CRAIG Lee has left himself under pressure heading into the final regular event on the European Tour this season.
With only this week’s Perth International remaining, the Stirling man is now just two places inside the top 110 who automatically retain their cards.
Lee dropped two spots after slipping from joint-25th at the halfway stage to finish in a tie for 56th in the Hong Kong Open.
A closing 75 at Fanling left him at one-over, 14 shots behind winner Scott Hend of Australia.
Lee, who finished 59th in last season’s Race to Dubai, isn’t the only Scot heading to Lake Karrinyup fighting to keep a card.
David Drysdale also dropped two spots, to 116th, after missing the cut in Hong Kong, leaving himself more than £15,000 short of safety.
A perennial visitor earlier in his career, the Cockburnspath man was last forced to attend the Qualifying School in 2008 after finishing 151st on the money-list.
Fifer Peter Whiteford picked up a cheque for around £8,500 after he closed with a 67 to share 20th at Fanling on five-under.
But that only lifted him up one spot to 149th on the money-list, leaving Whiteford needing to pick up more than £80,000 in Australia to have a chance of catching 110th-placed Lee Slattery of England.
Similarly, Alistair Forsyth (joint-45th), Jack Doherty (joint-53rd) and Jamie McLeary (64th) were unable to boost their survival hopes in Hong Kong. As they now gear up for one last throw of the dice, McLeary is 159th in the Race to Dubai, with Forsyth 161st and Doherty 185th.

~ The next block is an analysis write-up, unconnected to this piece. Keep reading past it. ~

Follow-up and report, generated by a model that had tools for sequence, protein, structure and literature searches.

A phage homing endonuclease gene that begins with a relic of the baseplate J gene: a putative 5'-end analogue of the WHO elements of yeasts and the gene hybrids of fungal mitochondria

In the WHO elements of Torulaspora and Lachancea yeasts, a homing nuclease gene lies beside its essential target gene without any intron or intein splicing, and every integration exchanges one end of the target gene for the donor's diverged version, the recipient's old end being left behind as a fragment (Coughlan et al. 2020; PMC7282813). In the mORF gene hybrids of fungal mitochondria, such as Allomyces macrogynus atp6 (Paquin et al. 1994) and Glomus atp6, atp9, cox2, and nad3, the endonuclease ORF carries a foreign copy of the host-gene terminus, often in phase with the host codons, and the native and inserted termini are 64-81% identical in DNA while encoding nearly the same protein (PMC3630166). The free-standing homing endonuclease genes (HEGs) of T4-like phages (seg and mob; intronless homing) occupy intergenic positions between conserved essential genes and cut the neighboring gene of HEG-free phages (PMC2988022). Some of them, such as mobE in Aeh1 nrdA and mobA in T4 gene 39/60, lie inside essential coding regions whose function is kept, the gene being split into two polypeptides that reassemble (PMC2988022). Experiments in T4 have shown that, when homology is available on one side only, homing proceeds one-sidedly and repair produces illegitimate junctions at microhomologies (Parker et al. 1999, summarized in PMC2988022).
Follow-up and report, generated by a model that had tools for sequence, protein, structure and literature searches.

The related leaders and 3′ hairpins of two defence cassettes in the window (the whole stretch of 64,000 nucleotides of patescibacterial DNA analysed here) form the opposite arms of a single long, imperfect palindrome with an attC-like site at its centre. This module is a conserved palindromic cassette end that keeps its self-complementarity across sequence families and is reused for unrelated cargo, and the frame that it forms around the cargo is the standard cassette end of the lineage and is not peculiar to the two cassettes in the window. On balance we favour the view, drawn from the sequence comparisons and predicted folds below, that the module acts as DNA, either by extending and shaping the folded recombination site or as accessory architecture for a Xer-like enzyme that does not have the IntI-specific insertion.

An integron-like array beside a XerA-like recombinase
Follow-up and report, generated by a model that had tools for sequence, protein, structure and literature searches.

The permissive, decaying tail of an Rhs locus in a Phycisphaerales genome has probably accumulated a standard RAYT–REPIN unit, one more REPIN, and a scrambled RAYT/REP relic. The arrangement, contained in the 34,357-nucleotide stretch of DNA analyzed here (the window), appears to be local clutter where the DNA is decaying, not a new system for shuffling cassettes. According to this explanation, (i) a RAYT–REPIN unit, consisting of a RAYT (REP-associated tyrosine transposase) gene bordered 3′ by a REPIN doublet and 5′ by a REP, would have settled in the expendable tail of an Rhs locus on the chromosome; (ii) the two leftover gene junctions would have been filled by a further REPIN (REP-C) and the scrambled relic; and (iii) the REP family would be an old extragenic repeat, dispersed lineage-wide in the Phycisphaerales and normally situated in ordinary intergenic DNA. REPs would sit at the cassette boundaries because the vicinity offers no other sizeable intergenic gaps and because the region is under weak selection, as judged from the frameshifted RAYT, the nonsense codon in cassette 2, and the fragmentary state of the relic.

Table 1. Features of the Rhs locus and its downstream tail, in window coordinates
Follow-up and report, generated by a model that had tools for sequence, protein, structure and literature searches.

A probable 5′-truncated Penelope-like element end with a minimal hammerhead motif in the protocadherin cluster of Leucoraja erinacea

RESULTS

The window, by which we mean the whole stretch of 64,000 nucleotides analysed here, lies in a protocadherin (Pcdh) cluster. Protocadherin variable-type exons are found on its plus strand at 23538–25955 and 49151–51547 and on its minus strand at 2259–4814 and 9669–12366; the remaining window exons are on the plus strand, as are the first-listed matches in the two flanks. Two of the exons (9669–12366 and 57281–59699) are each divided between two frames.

For Chris Doak and Scott Jamieson, the other two Scots heading to Australia, the goal is to try and secure spots in the £19 million “Final Series”.
Lying 75th, Doak is 15 places outside the last of the 60 spots up for grabs in that, while Jamieson dropped one place to 80th after he made an early exit in Hong Kong.
Hend, a 41-year-old from Townsville on the north-eastern coast of Queensland, won his maiden European Tour title at the 106th attempt.
It came after a thrilling back-nine battle which culminated in a play-off with Angelo Que of the Philippines. A par on the first extra hole was enough to finally see off Que, who missed the green at the 18th hole and then under-hit his chip shot.
“This means everything,” said Hend after picking up a cheque for close to £140,000. “I’ve won five times out here on the Asian Tour, and I’ve come very close on the PGA Tour and the European Tour and finally, finally, at the age of 41, I’ve won a European Tour event. It’s very special.
“This one is for my kids. They have been sending me music messages the last three mornings. So yeah, it’s very much to be treasured.”
Earlier, Que had fired a superb approach to the 18th in regulation for his seventh birdie of the day, a round of 66 and a 13-under-par total.
Hend was also 13 under par at the time, but in rough down the left of the 16th hole, from where he did well to save par.
A good birdie chance at the 17th hole then went begging, but Hend did well to save par at the last after his approach plugged in a bunker, the Australian signing for a 67.
Ireland’s Kevin Phelan finished in third place after closing with three birdies for a round of 66 and an 11 under par aggregate total, whilst England’s Mark Foster took fourth on ten under.
Halfway pacesetter Ernie Els finished joint-fifth on nine-under alongside overnight leader Marcus Fraser.